Caeleb Dressel is alive and well, and now the Olympic 100 freestyle champion

1 month ago 23

TOKYO >> Not to worry.

You can withdraw those All Points Bulletins.

Caeleb Dressel has been found alive and well atop the Tokyo Aquatics Centre medal podium Thursday morning, the new Olympic Games 100-meter freestyle champion.

Dressel, conspicuously absent from the 4×200 freestyle relay final a day earlier, won his first individual Olympic gold medal with an Olympic Games record 47.02 seconds. The Floridian had to share center stage with U.S. teammate and fellow Gator Bobby Finke who captured the 800 freestyle gold medal to become the first American male to win a distance event at the Games since 1984.

Unlike the triumph of Dressel, one of the biggest stars in the sport coming into Tokyo, in many ways Finke’s victory came out of nowhere. He was an Olympic rookie and in his only appearance at a World Championships in 2017, he failed to get out of the 1,500 free heats. He missed the 2019 World University Games after fracturing his left wrist and suffering a concussion in a scooter accident.

Finke was still off most people’s radar when he hit the last 100 meters in the final. A 28.59 split from 700 to 750 meters only moved him from fifth to fourth at the final turn.

“I noticed 10 meters out I was catching up a little bit of ground and that was the only motivation I needed to try and pass and get my hand to the wall first,” he said.

Finke out-touched Italy’s Gregorio Palterinieri by 14 hundreths of a second—7 minutes, 41.87 seconds to 7:42.11. Finke covered the final 50 in a blazing 26.39. The race was so close that Finke was unsure of his place until he turned to see the scoreboard.

“I had no idea,” he said.

“The best time I had going in (to the Games) was 7:47, and prelims I dropped down to 7:42 and here I dropped another second,” Finke said. “I had no idea I was going to do that.”

No idea also pretty much sums up the reaction of much of the swimming world a day earlier when the U.S. coaches left Dressel off the 4×200 relay, in what exploded into the sport’s first significant controversy of the Games.

Two of Dressel’s 13 World titles are in the 100 free. He won his 100 semi Wednesday morning in 47.23, the world’s fastest time in 2021 until Russia’s Kliment Kolesnikov went 47.11 in the second semi. Dressel seemed to indicate his interest in swimming the 4×200 in Tokyo when he clocked a personal best 1:46.63 in the Olympic Trials last month. While Dressel scratched the event before the Trials semis, the prelim swim qualified him for 4×200 consideration.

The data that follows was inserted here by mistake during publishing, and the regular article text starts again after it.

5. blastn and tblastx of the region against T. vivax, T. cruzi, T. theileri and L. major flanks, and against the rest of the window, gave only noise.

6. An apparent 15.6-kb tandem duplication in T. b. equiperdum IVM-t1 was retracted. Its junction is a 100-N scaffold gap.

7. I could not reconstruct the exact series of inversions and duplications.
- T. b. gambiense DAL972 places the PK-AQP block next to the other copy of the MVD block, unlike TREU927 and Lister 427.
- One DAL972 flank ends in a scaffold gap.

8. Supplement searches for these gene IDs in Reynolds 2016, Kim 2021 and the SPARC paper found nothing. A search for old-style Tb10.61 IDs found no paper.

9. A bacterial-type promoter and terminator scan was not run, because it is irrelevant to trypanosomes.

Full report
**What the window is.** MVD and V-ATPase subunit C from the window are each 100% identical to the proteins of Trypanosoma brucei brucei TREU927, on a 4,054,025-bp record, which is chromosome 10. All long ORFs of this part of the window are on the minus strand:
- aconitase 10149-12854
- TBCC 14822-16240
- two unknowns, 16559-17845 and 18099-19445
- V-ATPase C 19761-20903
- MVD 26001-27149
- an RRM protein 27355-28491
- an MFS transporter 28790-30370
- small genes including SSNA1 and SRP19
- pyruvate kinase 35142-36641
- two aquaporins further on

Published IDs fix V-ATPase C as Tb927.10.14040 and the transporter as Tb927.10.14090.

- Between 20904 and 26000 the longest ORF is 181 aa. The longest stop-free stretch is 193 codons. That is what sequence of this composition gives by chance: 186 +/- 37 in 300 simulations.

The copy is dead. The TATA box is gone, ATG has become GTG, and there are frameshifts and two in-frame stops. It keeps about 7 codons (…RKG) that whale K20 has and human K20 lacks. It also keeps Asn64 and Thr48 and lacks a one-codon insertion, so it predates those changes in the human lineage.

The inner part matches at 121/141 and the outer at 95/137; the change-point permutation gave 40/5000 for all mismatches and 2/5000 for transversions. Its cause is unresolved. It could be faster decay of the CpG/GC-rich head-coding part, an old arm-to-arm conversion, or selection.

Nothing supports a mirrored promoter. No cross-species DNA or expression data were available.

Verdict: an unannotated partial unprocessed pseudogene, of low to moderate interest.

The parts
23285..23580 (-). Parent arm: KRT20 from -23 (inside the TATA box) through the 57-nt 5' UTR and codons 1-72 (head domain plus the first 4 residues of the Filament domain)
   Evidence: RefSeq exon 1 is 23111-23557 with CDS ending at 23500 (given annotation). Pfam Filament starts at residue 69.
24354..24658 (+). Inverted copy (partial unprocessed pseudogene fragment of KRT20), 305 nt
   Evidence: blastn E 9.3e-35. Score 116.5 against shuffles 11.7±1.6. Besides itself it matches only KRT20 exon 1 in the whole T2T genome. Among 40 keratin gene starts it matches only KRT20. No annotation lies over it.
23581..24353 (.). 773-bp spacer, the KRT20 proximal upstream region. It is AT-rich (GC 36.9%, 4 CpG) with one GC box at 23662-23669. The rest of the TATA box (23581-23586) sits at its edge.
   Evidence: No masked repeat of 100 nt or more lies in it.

“It’s shocking,” Michael Phelps, the 23-time Olympic champion, said in an interview with a U.S. television network. “You know, in my opinion, he’s probably the best 200 freestyler in the world. He can probably put up one of the best times that we’ve seen. Leaving him off that relay, to me, I think makes it a lot harder to win the gold medal.”

Caeleb Dressel of the United States leaves the pool after winning the men’s 100-meter freestyle final at the 2020 Summer Olympics, Thursday, July 29, 2021, in Tokyo, Japan. (AP Photo/Matthias Schrader)

Or any medal at all.

Without Dressel, Team USA finished fourth in the 4×200 freestyle relay, marking the first time the U.S. has failed to medal in an event it has won all but three times since 1936, including the previous four Olympics. Great Britain’s men won their third gold medal of the Games, finishing in 6:58.58, nearly four seconds ahead of the U.S. (7:02.43). Dressel’s Trials prelim swim was faster than Zach Apple’s third leg (1:47.31) for the U.S. in Wednesday’s final.

The U.S, women were more impressive in the 4×200 Thursday.

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An hour earlier Dressel took the 100 free final out hard, leading at the turn then holding off a late surge by Australia’s Kyle Chalmers, the 2016 gold medalist, to finish in 47.02, breaking the Olympic record of 47.05 set by another Aussie, Eamon Sullivan, 13 years earlier in Beijing. Chalmers was just four hundredths back at 47.06. Russia’s Kolesnikov claimed the bronze medal at 47.44.

And there was Dressel again for all the world see, on the medal stand, his singing the words to the Star Spangled Banner visible even through his Team USA Hannibal Lecter like face mask, the tears in his eyes just as evident.

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